“This is the second time the files of the society have been taken,” Neu stated. “The first was in 1988.” But this time the Israelis have taken much more: Original records on Palestinian property holdings and rights in Jerusalem and elsewhere and “highly sensitive documents” relating to Faisal Husseini’s role as ombudsman. “He mediated in marital disputes and family quarrels over land,” Neu stated. “So documents on these matters were kept at the society. The records of many Palestinian non-governmental bodies were stored here, including those of the Jerusalem Committee for the Prevention of Drug Abuse. People are afraid of how much the Israelis will learn about their personal problems. Shame still matters in this society. There were also the Palestinian files on the [secret] back channel negotiations [with Israel], providing the Israelis with information on Palestinian positions on fundamental issues,” Neu stated. “The society was putting down the roots of Palestinian civil society in Jerusalem. It will take years to recover.”
Right-wing Israelis are determined to see that the Arab Studies Society remains closed. On Monday the Israeli Mayor of Greater Jerusalem, Ehud Olmert, asserted bluntly and with finality: “There is no Orient House; that institution is finished. Anyway it was a political bubble for which there was no popular support. Look at the protests outside after the closure. Those weren’t Jerusalemite Palestinians, they were `professional demonstrators’ from outside.” Olmert could not be more wrong. Faisal Husseini and Orient House were reference and refuge for Palestinian citizens of Jerusalem and the demonstrators who daily take up position on the busy corner of Abu Obaidah and Salaheddin streets are genuine Jerusalemites protesting the closure of the institution. From time to time they are joined by members of the International Solidarity Movement who recognise what the loss of Orient House means to ordinary Palestinians here, so much so that they have braved beatings by the Israeli police and arrest to protest the closure.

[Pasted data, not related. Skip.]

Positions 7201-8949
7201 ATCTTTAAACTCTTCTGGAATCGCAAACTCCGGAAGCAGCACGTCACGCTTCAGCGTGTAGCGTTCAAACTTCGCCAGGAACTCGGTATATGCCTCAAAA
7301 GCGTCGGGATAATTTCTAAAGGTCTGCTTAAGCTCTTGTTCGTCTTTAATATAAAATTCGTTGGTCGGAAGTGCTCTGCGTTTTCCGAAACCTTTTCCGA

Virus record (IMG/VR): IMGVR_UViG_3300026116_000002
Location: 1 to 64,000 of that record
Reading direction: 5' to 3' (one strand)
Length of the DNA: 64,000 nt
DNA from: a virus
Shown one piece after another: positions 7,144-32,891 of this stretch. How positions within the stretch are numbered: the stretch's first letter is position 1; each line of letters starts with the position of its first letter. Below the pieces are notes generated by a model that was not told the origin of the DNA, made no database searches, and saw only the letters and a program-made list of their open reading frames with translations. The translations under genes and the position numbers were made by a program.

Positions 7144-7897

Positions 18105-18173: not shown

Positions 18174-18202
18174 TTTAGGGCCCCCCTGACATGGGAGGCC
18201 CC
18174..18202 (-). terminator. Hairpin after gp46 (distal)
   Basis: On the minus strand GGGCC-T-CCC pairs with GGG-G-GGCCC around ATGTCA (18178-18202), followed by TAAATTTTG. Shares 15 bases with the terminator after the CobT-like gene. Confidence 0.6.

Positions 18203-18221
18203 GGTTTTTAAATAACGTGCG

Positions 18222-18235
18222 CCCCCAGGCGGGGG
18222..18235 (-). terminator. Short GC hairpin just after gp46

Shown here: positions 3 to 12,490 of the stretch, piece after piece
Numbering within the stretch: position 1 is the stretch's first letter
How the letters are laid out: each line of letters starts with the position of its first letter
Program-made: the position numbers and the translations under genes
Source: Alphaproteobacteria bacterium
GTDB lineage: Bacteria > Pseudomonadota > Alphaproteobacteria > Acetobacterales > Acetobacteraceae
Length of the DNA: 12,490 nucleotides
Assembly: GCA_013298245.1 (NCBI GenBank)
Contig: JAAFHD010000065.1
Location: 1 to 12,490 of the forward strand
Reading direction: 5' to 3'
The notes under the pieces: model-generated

On Tuesday Orient House appealed to the European Union to “translate its firm opposition” to the occupation of the institution “into an active role implementing legally required protection mechanisms for the civilian Palestinian population and upholding Palestinian rights in accordance with international agreements.” This appeal was issued to coincide with the visit of Javier Solana, European commissioner, to Jerusalem.
Solana’s spokeswoman, Cristina Gallach, told this correspondent that European Union foreign ministers will be meeting during the coming weekend in Belgium and that the Middle East will be on their agenda. She said, however, that the issue of Israel’s closure and seizure of the assets of Orient House may be treated as a “confidence building measure.” This would relegate Orient House to a lowly position on a long list of “confidence building measures” which Israel will, ultimately, be expected to implement if and when there is agreement on a ceasefire and implementation of the Mitchell recommendations, which have been approved by both sides and the international community.
Orient House does not belong on a list for future consideration and implementation; it provided essential services and a national focus for the Palestinians of Jerusalem; without Orient House, they are adrift and at risk.
Mr. Michael Jansen contributed this article to the Jordan Times.